This Saturday join millions of people across the globe and switch off your lights in support of nature and the planet. In Ireland, Earth Hour is at 20.30 (8.30pm) and will mark globally a time for reflection and raised awareness of the effects of climate change and the need for action.
Earth Hour isn’t just a symbolic lights-off event – it is a global movement and message to the international community that we are facing an emergency. It has become a catalyst for positive environmental impact, driving major legislative changes and is about harnessing the power of the people and collective action.
During Earth Hour, at IJI we reflect on our project partners and the effects of climate change on the world’s most vulnerable communities.
Deborah Eyath is a farmer in the village of Akol Jal in South Sudan. Climate change has meant that she and her community face long droughts. Delays of the rains usually expected in late April/early May are affecting the planting season and as unpredictable weather worsens the rains bring floods destroying crops and reducing the harvest. Since women like Deborah depend on agriculture for their income, Climate change has a direct impact on her family and children as the persistent extreme weather conditions are placing livelihoods in jeopardy. As a result of continued flooding, Deborah struggles to support her children’s education as she tries to buy even the most basic necessities for her children to attend school such as shoes and exercise books.
Vulnerable communities found in places like Akol Jal, already struggling, are facing the most devastating climate impacts, including lethal droughts and floods.
Since 2010 we have been working to address food insecurity to an entire county, roughly 288 villages. In 2014 the Multi-educational and Agricultural Jesuit Institute of South Sudan (MAJIS) was developed to teach farmers sustainable farming and good agricultural practice. Since the programme started in Rumbek, hundreds of people, most of them women, have been trained in appropriate land use and farming.
James Majang, a MAJIS field officer has been working in Akol Jal since 2016 supporting the women in their farms by teaching them good agricultural practices and accompanying them from cultivation to harvest. When asked about how the weather has changed in the past few years, he shared how the weather is becoming increasingly erratic and unpredictable. He gave examples of how farmers had high expectations for 2019 after they gained high yields of groundnuts in previous years. The farmers were able to harvest more than 100 bags of groundnuts and it really motivated them to do the same the following year. After doubling their efforts in 2019, the crops were unfortunately affected by floods and were submerged in water. Their expected yield was reduced to 3/4s of the previous harvest. In 2020 they tried making similar efforts but unfortunately the crops were once again affected by floods. The farmers were only able to harvest 48 bags of groundnuts, out of which 28 of them were affected by water. Because of the produce’s poor condition, it fetched very low prices at the market.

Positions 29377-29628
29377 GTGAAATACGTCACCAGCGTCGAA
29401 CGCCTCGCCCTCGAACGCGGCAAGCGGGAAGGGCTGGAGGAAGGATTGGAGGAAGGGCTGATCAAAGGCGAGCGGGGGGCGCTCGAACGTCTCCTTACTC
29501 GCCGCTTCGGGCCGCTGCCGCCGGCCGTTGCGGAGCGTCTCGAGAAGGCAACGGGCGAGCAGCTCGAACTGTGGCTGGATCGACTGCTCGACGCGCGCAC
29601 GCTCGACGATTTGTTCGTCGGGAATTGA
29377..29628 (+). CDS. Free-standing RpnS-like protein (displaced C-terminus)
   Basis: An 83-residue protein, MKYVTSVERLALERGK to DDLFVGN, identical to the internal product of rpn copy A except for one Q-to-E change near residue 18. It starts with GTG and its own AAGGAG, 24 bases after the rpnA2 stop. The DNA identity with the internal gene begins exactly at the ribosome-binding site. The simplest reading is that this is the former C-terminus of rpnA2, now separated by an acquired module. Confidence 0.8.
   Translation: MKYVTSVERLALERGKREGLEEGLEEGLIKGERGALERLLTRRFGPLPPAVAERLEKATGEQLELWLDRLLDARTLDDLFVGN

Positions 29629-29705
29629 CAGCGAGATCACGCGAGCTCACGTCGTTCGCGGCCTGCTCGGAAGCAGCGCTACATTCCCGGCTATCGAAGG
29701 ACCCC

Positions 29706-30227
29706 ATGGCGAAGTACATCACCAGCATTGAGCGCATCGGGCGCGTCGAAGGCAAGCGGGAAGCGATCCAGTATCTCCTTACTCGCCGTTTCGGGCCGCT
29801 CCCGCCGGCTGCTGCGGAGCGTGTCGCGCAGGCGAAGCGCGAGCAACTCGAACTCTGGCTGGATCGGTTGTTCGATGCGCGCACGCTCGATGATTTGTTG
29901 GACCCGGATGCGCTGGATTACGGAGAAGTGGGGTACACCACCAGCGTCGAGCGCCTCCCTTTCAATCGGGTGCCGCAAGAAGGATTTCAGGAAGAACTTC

Last year farmers faced drought before flooding ruined crops again and as the climate emergency continues – vulnerable communities found in places like Akol Jal, already struggling, are facing the most devastating climate impacts, including lethal droughts and floods.
You can help vulnerable communities in the global south by calling for action on climate justice where corporations and developed nations step up to support vulnerable communities already suffering in our climate crisis.
You can also DONATE today to support women farmers, like Deborah and her children, in our campaign: ‘Build a Classroom and Change Lives Forever’ where we hope to support the education of local children in Rumbek, South Sudan and the continued assistance to women farmers in sustainable and climate adaptive farming.